Code Bloat Hunting

February 6, 2010 @ 1:39 | In Programming | 4 Comments | twitter rss digg
Image with lots of books

I have dedicated the last few days of work to face a problem that is getting bigger and bigger. Although we have a quite modular codebase, use interfaces whenever possible to hide implementation details and apply most of the recipes recommended in classic books, our linking times have started to be a problem in some of our libraries. Linking times is not the only problem. Our binary sizes are becoming really fat.

After a thoroughly study with the help of tools like Sizer, Symbol Sort (I strongly recommend reading the articles associated to this tool: 1, 2, 3, 4, 5, 6 and passing all them to your co-workers) we discovered lot of code bloating generated by improper template usage. The template is a powerful tool that can be easily misused although I am not against using it. We use template metaprogramming in lots of places like reflection, annotations, uri-like dependency properties, serialization and more places where it is worth it. The problem with templates is that normally declarations and definitions go in the same header file. With that structure a compiler is normally forced (although some compilers allow customization) to generate template instances in each obj file. Redundancy is eliminated in the linking phase, of course taking time. This is one of the faces of template bloating. The other face appears when you templatize functions when it is not strictly necessary. And you pay for it in the final size of your binaries.

Trying to solve all this, we applied a solution that although yet not standard seems to work in all compilers we tested: exporting explicit template instantiations. This technique applies when you have a template that is to be instantiated for only a few known types. Those instantiations are exported from a dll. This allows even hiding big functions in the .cpp without having to show them in the header. With this solution you have the best of both worlds: short functions can be inlined by the compiler and large functions instead of being instantiated in each compilation unit are referenced as an exported symbol. By the way, a special behavior of Visual Studio (to me, it is a bug) has the effect of non inlining functions being defined outside the class when exporting the template. We had to move our definitions (that we usually have pseudo hidden in a .inl file) to inside the class declaration.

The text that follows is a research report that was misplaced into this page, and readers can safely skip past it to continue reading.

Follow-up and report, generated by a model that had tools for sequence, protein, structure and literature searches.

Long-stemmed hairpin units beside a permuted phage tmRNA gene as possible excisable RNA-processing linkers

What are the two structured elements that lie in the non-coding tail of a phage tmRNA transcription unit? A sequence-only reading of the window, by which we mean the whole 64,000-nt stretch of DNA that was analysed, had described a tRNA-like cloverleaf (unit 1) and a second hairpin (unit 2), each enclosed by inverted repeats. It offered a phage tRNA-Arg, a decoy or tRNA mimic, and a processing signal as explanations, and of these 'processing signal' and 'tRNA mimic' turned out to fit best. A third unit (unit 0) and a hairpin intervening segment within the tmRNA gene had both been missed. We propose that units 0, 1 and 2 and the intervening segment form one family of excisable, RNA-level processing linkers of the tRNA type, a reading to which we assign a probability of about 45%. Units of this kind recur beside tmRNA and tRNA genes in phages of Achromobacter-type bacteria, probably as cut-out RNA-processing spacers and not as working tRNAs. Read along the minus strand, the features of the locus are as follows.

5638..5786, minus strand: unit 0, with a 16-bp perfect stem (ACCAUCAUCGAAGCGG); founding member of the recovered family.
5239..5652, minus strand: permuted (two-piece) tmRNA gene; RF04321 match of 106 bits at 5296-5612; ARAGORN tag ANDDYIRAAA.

We applied this strategy in several places reducing the bloatage by a considerable factor. For example, the vector library seems an ideal target because you normally only instantiate that library for a few types (float, double, int) and “big” functions like Invert() for 4×4 matrices can be hidden and exported from the dll. Another good candidate is std::string (instances for chat and wchar_t). Although, at least in MSVC, this job is already being done by the crt (not tested in other platforms).

I hope you find this useful. Thanks for reading and welcome to all the new subscribers since my last post!

  1. As always, interesting and practical post. I was remembering when I used boost to bind with python interpreter. What a big binary size !

    Comment by gyakoo
    February 8, 2010 @ 8:18 #

  2. I would really love to see some sample code of how you structured your template definitions (from vector for e.g.) to avoid code bloat. Your description leaves me wanting more. Thanks in advance

    Comment by Ganeshram Iyer
    February 9, 2010 @ 1:21 #

  3. Something like this for the header:

    template<class T> struct Vector2
    template struct __declspec(dllimport) Vector2<NsFloat32>;
    template struct __declspec(dllimport) Vector2<NsFloat64>;
    template struct __declspec(dllimport) Vector2<NsInt>;

    And for the implementation:

    template struct __declspec(dllexport) Vector2<NsFloat32>;
    template struct __declspec(dllexport) Vector2<NsFloat64>;
    template struct __declspec(dllexport) Vector2<NsInt>;

    I you want more detail do not hesitate to contact me in private…

    Comment by ent
    February 12, 2010 @ 2:26 #

  4. Thanks for the example. Is this what Vandevoorde describes as “explicit instantiation” in his book ( Thanks in advance for helping a newbie like me.

    Comment by Ganeshram Iyer
    February 12, 2010 @ 18:01 #

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